When it did open, the nose threw off hints of apples, peaches and grapefruit. On the palate you had a refreshing lightness of white fruit and a touch of silkiness…a very pleasant mouth feel. The finish was balanced with just the right amount of acidity. This is a tight young chardonnay with a great future.
Chef Kelley paired a crispy smoked, coffee rubbed chicken thigh with the 2012 Penfolds Bin 389 Cabernet/ Shiraz. This was my favorite pairing as well as my favorite wine of the evening.
I thought the smokiness and coffee on the chicken overpowered the wine, albeit ever so slightly. This condition existed in my opinion because of the youngness of the wine.
On the nose, which was tight and required some coaxing to open up, there were hints of black fruit and perhaps a little oak. The palate was intense black fruit, spice and oak. The finish was excellent, well balanced and long. The dryness of the wine provided a nice mouth feel.
This course consisted of a blackened ostrich loin and beetroot puree paired with the 2010 Penfolds RWT Shiraz. The nose of this wine had aromas of cedar and black fruit.
On the palate this wine was full bodied and rich with flavors of black fruit, mint and a little black pepper at the beginning of the finish. The finish featured some oak and tannins. The mouth feel was nice and corresponded with the length of the finish. When I quizzed other attendees, this was one of the more popular wines of the evening.
As Chef Kelley commented on his concerns on pairing his food selections with the wines, this course he felt was one of his challenges as he paired kangaroo ravioli with a red wine demi reduction and béchamel. Béchamel sauce is a white sauce made from a roux (butter and flour) and milk. It is one of the “mother sauces of French cuisine.”
This plate was paired with the 2012 Penfolds Cabernet Sauvignon Bin 707. The fruit for this wine comes from multiple vineyards and regions, which make for challenging conditions for the winemaker. This wine was aged for 14 months in 100 percent new American Oak. On the nose there were hints of coffee, black fruit, floral notes plus a little oak.
On the palate the wine was full bodied, mouth-filling with hints of spice, oak and perhaps a little chocolate with layers of black fruit. The finish was balanced, with good mouth texture and the finish was very long. Again, this wine is very light and would benefit from additional aging. This wine should drink well for 10 to 15 years.
The fifth and final course was the grand finale with chocolate truffle-stuffed French toast, with duck butter (foie gras), smoked goose bacon crumbles and smoked bleu cheese crumbles.
This delicious desert was paired with the world renowned 2010 Penfolds Grange Red Wine, which is a blend of 96 percent Shiraz and 4 percent Cabernet Sauvignon. Once again, the fruit for this wine came from multiple vineyards.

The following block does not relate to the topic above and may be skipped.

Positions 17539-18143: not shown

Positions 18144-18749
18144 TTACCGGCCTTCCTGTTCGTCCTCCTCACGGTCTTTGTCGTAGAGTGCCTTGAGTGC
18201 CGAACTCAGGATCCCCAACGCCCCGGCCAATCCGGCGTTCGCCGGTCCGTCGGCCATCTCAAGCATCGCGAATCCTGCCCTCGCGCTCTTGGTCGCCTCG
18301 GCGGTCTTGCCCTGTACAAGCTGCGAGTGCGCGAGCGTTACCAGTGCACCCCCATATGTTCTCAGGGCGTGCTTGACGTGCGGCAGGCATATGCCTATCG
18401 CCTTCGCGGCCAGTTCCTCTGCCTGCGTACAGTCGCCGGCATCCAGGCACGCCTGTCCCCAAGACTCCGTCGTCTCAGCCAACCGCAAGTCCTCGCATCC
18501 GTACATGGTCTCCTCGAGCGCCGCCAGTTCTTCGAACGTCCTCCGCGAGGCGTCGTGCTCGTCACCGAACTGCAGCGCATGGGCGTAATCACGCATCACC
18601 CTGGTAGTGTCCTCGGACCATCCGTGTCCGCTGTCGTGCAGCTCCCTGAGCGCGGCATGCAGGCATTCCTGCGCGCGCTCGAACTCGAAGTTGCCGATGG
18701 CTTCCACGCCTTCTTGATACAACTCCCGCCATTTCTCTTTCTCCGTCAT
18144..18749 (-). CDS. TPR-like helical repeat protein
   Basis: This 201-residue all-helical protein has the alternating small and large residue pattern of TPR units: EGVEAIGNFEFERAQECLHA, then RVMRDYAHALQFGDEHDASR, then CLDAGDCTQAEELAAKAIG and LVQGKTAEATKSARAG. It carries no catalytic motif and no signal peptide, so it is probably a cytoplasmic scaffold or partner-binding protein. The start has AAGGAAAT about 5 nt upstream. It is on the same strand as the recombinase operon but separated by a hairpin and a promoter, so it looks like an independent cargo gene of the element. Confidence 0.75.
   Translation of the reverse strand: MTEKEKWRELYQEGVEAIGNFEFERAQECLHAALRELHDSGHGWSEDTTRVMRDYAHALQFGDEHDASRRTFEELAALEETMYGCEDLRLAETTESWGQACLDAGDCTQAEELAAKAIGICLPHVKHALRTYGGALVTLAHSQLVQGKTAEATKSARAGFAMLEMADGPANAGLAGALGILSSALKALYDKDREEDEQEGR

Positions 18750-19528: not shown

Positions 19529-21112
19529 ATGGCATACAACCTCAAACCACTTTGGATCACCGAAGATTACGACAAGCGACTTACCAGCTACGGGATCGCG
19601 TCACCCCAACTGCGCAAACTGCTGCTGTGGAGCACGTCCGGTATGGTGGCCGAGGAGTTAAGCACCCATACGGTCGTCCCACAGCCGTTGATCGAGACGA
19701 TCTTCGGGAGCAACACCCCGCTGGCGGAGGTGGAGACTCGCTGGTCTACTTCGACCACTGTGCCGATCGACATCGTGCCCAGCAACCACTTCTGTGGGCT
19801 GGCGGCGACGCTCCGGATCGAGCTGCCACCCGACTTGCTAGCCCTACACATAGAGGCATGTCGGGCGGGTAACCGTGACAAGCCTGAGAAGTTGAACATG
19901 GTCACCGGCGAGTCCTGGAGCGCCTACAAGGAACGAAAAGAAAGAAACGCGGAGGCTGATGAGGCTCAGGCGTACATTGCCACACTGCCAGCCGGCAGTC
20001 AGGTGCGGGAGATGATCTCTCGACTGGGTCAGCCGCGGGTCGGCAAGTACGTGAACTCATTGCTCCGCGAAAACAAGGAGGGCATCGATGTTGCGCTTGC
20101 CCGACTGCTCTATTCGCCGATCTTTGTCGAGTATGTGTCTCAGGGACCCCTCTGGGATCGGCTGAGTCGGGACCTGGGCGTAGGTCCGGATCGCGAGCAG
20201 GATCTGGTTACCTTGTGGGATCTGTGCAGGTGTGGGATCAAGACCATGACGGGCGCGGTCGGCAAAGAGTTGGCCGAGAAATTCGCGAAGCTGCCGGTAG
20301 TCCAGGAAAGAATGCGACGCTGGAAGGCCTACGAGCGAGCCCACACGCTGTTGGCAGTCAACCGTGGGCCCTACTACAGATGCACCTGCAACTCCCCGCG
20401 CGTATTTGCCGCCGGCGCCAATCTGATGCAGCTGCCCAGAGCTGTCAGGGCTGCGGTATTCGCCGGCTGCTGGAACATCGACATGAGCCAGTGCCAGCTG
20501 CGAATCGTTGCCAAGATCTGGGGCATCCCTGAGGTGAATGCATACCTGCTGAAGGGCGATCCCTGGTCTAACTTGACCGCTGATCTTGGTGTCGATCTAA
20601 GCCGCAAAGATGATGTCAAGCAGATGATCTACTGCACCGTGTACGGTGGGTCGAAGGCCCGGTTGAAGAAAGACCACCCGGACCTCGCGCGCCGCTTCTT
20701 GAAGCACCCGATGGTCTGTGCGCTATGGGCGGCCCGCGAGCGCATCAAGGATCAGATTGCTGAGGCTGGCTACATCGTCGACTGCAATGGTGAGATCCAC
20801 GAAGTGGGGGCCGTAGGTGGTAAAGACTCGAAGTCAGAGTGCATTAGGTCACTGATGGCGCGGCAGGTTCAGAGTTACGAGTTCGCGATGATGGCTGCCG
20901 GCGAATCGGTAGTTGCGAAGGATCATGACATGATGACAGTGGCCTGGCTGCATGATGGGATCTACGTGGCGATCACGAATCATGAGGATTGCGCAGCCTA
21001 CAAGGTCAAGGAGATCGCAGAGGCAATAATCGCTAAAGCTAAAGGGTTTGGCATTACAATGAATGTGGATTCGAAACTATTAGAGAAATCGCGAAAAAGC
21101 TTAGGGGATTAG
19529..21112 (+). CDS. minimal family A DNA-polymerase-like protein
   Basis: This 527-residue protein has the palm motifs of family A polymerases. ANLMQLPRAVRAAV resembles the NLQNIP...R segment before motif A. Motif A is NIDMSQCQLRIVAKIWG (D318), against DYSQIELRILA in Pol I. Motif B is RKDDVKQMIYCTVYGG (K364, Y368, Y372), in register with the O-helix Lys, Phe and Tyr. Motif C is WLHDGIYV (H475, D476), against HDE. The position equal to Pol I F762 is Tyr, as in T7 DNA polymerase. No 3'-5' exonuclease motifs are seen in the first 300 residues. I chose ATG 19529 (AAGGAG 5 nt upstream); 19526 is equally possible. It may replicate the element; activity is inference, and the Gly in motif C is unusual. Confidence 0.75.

This wine was really a little disappointing to me. Not that the wine wasn’t good, because it was. It just wasn’t as good as it will get in the future. It is still so young and tight even after five years of aging. Even Penfolds says this wine will not begin to reach its peak drinking period until 2018, after which they claim is drinkable for a period of 42 years. I only hope I can taste a bottle of this 2010 Grange in another five to seven years. At that point I believe it should be in the “Boy is this wine good” stage of development.
I did some research on this wine for us and found the 2010 vintage has a price range of $500 to $625 per bottle in wine shops around the country. The wine scores were as follows:
- Robert Parker: 99/100
- Wine Spectator: 98/100
- Cellar Tracker: 97/100
Robert Parker, the wine critic who rated this wine in October 2014 at 99/100 points called it “among the finest Grange vintages produced.”
On the nose the wine, after some aeration, provided aromas of youthful black fruit, hints of floral and oak and perhaps a little cedar at times. On the palate this is a medium- to full-bodied wine. It was a little grainy or textured in the mouth with tastes of black fruit, dark chocolate and mocha. The finish was of good length, although again a little tight. The tannins are balanced, with hints of oak or spice. This wine’s flavor profile will just get better with time.
This was a simply a great evening for all of us oenophiles and foodies. Congratulations to Chef Kelley for putting together some delicious food and pairing it with some wonderful wines.
As people were finishing up and preparing to leave I asked several friends for their opinions of the evening and Brian Bernth had this to say: “Only Sean Kelley can pair kangaroo ravioli with the right wine. We do a lot of wine dinners, but Sean is as close to perfect with food and wine pairings as it gets. I also thought the moderately priced wines were just as good as the higher-end offerings.”
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Until next week,